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ARCHIVED - Forecasts expire after 24 hours.
Issued
Thu, March 7th, 2024 - 7:00AM
Expires
Fri, March 8th, 2024 - 7:00AM
Forecaster
John Sykes
Avalanche risk The Bottom Line

The avalanche danger is MODERATE at all elevations. Human triggered and natural avalanches 1-2′ deep in areas with active wind loading at upper elevations are the biggest concern. It is also still possible to trigger an avalanche about 1′ deep at the interface with the new snow from Wednesday night in sheltered areas. If the sun comes out today small wet avalanches on solar aspects are likely. We recommend evaluating how well the new snow from Wednesday night is bonding to the old snow surface before committing to steep terrain.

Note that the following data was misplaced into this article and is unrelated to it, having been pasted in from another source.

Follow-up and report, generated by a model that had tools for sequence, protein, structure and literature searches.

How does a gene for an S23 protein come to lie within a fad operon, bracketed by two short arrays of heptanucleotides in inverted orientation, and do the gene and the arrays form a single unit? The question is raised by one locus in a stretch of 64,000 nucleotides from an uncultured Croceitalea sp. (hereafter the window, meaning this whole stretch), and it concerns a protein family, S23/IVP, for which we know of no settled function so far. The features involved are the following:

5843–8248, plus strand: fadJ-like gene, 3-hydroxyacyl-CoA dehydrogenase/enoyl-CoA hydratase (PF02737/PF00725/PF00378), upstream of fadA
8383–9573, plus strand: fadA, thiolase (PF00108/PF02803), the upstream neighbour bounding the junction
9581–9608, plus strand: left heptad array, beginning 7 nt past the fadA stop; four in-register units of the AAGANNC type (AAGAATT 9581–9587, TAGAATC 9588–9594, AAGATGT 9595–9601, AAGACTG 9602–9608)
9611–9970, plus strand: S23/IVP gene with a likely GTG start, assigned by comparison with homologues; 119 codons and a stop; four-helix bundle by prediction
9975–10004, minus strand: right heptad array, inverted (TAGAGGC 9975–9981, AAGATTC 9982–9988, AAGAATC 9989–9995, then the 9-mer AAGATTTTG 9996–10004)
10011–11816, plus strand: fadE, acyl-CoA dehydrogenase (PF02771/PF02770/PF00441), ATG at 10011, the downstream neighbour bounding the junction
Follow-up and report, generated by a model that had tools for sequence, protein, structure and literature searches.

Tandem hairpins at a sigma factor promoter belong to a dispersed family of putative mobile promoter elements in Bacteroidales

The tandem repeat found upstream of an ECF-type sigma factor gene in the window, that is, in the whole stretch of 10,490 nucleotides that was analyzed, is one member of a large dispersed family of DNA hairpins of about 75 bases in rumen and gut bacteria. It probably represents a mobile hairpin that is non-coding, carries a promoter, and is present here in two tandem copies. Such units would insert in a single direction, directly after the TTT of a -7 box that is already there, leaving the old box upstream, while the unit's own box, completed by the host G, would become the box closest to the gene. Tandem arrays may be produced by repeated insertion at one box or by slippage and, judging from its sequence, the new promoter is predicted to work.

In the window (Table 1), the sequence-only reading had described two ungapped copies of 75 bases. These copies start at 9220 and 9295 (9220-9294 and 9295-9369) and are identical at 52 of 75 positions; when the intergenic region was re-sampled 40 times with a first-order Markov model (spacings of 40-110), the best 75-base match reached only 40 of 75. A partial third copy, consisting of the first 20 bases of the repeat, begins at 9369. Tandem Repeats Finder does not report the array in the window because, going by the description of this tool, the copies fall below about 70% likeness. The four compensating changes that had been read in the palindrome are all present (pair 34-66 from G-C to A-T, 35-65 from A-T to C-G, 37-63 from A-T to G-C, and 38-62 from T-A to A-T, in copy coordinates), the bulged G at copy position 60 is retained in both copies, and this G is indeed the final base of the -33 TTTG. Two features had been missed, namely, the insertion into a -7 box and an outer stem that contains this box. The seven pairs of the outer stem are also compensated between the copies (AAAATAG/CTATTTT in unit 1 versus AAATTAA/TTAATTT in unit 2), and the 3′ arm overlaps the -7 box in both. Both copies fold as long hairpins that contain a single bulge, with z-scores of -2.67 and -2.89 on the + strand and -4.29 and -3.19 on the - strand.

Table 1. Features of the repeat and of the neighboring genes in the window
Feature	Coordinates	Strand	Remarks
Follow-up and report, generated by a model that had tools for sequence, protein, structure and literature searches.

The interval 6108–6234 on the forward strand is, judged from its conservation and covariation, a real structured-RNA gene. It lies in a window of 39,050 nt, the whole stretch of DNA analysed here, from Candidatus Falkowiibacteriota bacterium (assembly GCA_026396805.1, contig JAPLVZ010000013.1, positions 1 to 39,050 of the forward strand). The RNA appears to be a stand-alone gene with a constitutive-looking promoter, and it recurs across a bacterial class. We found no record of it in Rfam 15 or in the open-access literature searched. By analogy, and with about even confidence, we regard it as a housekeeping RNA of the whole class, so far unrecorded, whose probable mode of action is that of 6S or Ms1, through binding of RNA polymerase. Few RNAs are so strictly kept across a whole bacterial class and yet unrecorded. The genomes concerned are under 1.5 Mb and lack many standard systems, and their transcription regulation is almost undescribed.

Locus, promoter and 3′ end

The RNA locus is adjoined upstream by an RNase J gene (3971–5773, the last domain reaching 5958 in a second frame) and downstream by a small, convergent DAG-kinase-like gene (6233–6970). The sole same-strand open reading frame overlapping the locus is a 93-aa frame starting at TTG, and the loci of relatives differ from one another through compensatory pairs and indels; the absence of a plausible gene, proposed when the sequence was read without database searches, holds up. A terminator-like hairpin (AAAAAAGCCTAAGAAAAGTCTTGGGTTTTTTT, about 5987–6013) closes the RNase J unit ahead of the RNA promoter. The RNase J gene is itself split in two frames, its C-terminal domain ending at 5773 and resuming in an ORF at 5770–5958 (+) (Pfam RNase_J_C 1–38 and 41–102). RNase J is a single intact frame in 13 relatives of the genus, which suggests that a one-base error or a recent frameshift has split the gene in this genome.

SUMMIT/JOHNSON PASS: The snowpack in the central Kenai is weaker and more concerning than the rest of our forecast zones. There is still a good chance a person could trigger a bigger avalanche on weak snow buried in the upper 2 feet of the snowpack, and a more cautious mindset is recommended in these areas.

Special Announcements

Turnagain Takeover Avalanche Awareness Day – Mark your calendars for our annual Turnagain Takeover day on Saturday March 23, 2024. Come grab a hot dog or burger and chat with the forecast team about current conditions. Local dealers will have demo sleds available and there will be stations to practice your avalanche rescue skills.

Thu, March 7th, 2024
Alpine
Above 2,500'
2 - Moderate
Avalanche risk
Treeline
1,000'-2,500'
2 - Moderate
Avalanche risk
Below Treeline
Below 1,000'
2 - Moderate
Avalanche risk
Fri, March 8th, 2024
Alpine
Above 2,500'
2 - Moderate
Avalanche risk
Treeline
1,000'-2,500'
2 - Moderate
Avalanche risk
Below Treeline
Below 1,000'